]. However, the coding of odor information is unpracticable for this kind of system, at present. Perfumery is assumed to be the most similar technique to odor reproduction, although various aspects differ from odor reproduction, such as aroma duration, stability, and so on. The scent of perfume can be divided into three stages: Top note, body note, and basic note, since a bottle of perfume is a combination of fragrance sources which possess different fragrance retention times. However, an odor reproduction system reproduces different odors dynamically. This means that those fragrance sources which have shorter retention times may be selected. Besides, perfumery is an art, to some extent, so flavorists may incorporate their background knowledge into perfume formulas; however, an odor reproduction system needs a more regularized set of rules for blending odor sources. Thirdly, the biological, neurological, and psychological mechanisms of odor perception are unclear as of yet. Stereochemistry and vibrational theory are considered to be the two acceptable theories that described relationships between odorants and odor qualities, although both theories have some exceptions that fail to describe such relationships fully [17
]. Recent research has revealed that strong correlation between odor chemical features and perceptual qualities [18
The potential applications of odor reproduction technology are manifold. Odor reproduction can be applied to various applications, such as virtual and augmented reality, smart homes, electronic commerce, and so on. Moreover, odor reproduction can be applied to some medical uses, such as the first-diagnosis of Parkinson’s disease, as the degradation of olfaction is a representative characteristic of the disease [20
]. It is reasonable that an odor reproduction system should have the following features:
Reproduces odors in real-time;
A limited number of odor sources are used;
Capacity for reproducing a large number of odors; and
Has a user-friendly interface.
Considering that there is, at present, no appropriate ready-made instrument for the research of odor reproduction, we have developed an odor reproduction system for our future studies of odor reproduction. We have also proposed a method for verifying the performance of the system, using an electronic nose. In the following sections, the development of the odor reproduction system will be illustrated first. After that, the authors propose a method for the evaluation of the system using a commercial electronic nose. Finally, a discussion of the system and odor reproduction is given.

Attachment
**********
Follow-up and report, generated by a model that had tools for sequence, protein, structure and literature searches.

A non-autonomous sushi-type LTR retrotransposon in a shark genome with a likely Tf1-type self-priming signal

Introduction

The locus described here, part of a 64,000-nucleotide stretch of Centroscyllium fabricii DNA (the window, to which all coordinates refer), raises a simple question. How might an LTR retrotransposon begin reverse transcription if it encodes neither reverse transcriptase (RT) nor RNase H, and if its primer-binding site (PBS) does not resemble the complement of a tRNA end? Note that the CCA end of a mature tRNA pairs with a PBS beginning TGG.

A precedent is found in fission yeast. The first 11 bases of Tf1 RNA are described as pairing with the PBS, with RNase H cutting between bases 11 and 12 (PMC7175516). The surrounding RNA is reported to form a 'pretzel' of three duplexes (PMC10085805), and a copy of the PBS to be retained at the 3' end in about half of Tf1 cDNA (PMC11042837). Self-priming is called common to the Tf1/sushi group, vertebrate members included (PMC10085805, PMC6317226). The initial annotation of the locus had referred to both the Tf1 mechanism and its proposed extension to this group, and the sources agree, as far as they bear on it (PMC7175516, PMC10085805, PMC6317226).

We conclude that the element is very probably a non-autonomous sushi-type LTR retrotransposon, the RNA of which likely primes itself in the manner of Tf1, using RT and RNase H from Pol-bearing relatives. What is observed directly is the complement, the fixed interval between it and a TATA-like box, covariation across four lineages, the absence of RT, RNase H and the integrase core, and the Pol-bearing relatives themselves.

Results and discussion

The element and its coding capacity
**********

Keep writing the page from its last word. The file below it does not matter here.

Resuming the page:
3. Evaluation of the System
This experiment aims to verify the effectiveness of the proposed system reproducing an odor. The evaluation uses a linear classifier (PCA–LDA) with data sampled by a commercial electronic nose, PEN3, manufactured by Airsense Analytics GmbH. The training data were sampled from odors atomized by well-prepared mixed odor sources. The testing data were sampled from odors atomized by proportional blending (blending pure odor sources in various proportions). Four highly pure odor sources were used for the experiment; the sources used are shown in Table 2
. Five circumstances of odor mixture with different proportions were randomly set, as shown in Table 3
Four pure odorous chemical liquids were prepared and five liquid mixtures were carefully prepared using the four pure chemicals, in the proportions according to Table 3
. All of these four pure liquids and five liquid mixtures were assembled in the odor dispenser. An odor can be reproduced in two different ways: (1) It can be reproduced by the proportional blending process using the four single pure liquids; or (2) it can be reproduced from a liquid mixture. After that, the electronic nose sampled odors reproduced either by the proportional blending of the four pure liquids or in one of the five mixed liquids. The monitoring procedure of the electronic nose was as follows:
The system atomizes an objective odor into an airtight chamber.
The chamber is kept static for 10 min, so that objective odorants can be fulfilled in the chamber.
The electronic nose monitors the objective odor.
The monitoring procedure was executed 10 times, because each objective odor of the five cases was reproduced from either the proportional blending process or the odor liquid mixture. The electronic nose implemented 6 samples in each monitoring procedure. The working parameter settings of the electronic nose were as follows: Flush time was 120 s; zero-point trim time was 10 s; sampling interval was 5 s; monitoring time was 120 s; and dilution flow was 600 mL/min. As the electronic nose has 10 different types of gas sensors, as shown in Table 4
, the data-set of each sample was a 120 × 10 matrix. It is noted that the fans were closed in the experiment and the chamber was sealed, with two tiny holes opened for the inlet of clean air and the outlet of the objective odor for the electronic nose.
It was assumed that the response patterns sampled by the electronic nose were similar if odors generated in the two different ways were similar. Figure 7